by Mike Masnick
Mon, Dec 1st 2008 9:11am
Apparently, intellectual property issues can show up even in the middle of a warzone. It seems that some Finnish officials, reviewing images and videos of the Russian invasion of Georgia earlier this year were somewhat upset to note that Russian military uniforms appeared to have copied Finnish military camouflage design -- which, yes, the Finnish government has legally protected in Europe (found via Open IT Strategies). Finland has decided not to pursue the issue, and Russian officials deny the copying, but it still shows how weird a world we live in when governments are using intellectual property rights to try to protect military camouflage designs.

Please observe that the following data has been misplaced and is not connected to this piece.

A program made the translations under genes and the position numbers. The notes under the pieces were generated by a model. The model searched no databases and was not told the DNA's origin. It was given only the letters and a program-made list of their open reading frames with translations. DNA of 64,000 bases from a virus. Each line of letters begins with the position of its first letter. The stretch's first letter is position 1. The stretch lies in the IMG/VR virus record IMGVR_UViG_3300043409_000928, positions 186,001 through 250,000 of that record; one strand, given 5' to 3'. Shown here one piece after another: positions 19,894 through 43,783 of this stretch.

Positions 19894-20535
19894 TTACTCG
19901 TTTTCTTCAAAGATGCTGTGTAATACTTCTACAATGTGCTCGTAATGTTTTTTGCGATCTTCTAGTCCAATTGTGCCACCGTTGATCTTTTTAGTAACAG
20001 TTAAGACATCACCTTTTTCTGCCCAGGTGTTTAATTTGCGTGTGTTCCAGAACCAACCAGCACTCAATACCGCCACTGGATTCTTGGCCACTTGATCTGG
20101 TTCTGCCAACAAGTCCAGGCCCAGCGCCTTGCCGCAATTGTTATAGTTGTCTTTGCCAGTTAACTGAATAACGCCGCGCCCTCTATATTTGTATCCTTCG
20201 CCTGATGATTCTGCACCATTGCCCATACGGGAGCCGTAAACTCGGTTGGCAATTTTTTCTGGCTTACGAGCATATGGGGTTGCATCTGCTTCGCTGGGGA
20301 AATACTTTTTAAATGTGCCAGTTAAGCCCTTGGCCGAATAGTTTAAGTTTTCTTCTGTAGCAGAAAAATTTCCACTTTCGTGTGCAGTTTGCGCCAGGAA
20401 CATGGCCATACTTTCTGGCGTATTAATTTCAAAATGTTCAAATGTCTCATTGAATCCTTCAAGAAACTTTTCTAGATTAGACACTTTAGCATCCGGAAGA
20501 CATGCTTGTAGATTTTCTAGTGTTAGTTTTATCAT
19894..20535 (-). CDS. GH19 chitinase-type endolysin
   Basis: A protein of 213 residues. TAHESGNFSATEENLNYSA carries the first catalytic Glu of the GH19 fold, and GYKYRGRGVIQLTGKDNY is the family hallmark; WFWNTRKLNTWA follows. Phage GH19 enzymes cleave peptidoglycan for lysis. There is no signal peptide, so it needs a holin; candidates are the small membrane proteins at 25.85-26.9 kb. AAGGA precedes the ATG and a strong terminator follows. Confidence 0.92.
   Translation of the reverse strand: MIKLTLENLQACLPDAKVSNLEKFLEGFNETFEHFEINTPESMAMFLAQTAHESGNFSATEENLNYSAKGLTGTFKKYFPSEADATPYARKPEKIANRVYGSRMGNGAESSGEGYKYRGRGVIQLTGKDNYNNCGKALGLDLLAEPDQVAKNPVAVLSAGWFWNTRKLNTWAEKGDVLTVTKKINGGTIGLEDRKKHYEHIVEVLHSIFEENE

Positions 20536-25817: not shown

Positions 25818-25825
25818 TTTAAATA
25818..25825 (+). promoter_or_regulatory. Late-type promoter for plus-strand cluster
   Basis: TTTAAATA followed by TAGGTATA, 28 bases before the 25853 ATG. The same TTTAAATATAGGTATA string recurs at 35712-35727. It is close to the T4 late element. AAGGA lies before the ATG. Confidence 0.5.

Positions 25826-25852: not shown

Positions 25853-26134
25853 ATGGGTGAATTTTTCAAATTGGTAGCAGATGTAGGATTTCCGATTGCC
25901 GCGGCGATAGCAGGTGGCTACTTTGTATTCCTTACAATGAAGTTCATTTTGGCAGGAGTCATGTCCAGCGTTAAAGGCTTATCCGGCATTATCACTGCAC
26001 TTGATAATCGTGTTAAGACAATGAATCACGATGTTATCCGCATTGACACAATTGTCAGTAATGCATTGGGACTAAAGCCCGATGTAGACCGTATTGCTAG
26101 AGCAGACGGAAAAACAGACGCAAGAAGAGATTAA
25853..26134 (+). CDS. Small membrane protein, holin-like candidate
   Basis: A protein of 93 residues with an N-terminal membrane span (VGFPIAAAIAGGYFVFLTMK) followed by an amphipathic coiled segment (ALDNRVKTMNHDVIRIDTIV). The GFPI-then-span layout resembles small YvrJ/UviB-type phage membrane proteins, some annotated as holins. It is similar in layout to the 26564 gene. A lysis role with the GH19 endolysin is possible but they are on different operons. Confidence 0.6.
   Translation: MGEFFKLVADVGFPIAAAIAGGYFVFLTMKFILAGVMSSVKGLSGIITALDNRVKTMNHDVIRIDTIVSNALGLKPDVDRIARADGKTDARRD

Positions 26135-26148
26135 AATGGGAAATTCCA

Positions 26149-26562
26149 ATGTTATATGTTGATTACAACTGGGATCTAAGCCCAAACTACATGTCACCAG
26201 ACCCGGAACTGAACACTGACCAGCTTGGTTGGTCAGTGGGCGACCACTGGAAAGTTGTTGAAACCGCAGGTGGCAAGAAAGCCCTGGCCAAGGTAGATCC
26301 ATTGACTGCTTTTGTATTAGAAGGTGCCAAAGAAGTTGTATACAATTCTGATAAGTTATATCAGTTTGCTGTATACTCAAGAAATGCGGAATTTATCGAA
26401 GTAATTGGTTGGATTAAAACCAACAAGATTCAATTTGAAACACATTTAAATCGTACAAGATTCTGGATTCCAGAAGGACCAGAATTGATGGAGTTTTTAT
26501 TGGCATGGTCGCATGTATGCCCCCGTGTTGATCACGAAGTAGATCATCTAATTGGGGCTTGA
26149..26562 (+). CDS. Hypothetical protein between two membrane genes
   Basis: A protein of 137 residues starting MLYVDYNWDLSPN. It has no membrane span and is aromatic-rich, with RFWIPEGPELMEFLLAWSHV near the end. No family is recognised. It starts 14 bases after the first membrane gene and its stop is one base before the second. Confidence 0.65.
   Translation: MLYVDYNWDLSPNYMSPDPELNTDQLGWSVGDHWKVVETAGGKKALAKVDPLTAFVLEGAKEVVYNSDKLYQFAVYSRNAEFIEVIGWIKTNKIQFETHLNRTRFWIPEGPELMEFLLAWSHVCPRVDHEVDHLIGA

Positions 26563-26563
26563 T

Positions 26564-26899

If you liked this post, you may also be interested in...
- Dear Lawmakers: Five Years Ago The Internet Rose Up In Protest & We're Still Watching
- New Study Essentially Suggests That Publishers Should Do CwF + RtB Instead Of Going Legal To Combat Piracy
- Did The FISA Court Finally Reject The FBI's Advances?
- Software Copyright Litigation After Oracle v. Google
- Getty's French Office Sends Out Letters To US Websites Demanding They Take Down Anything Linking It To 'Legalized Extortion'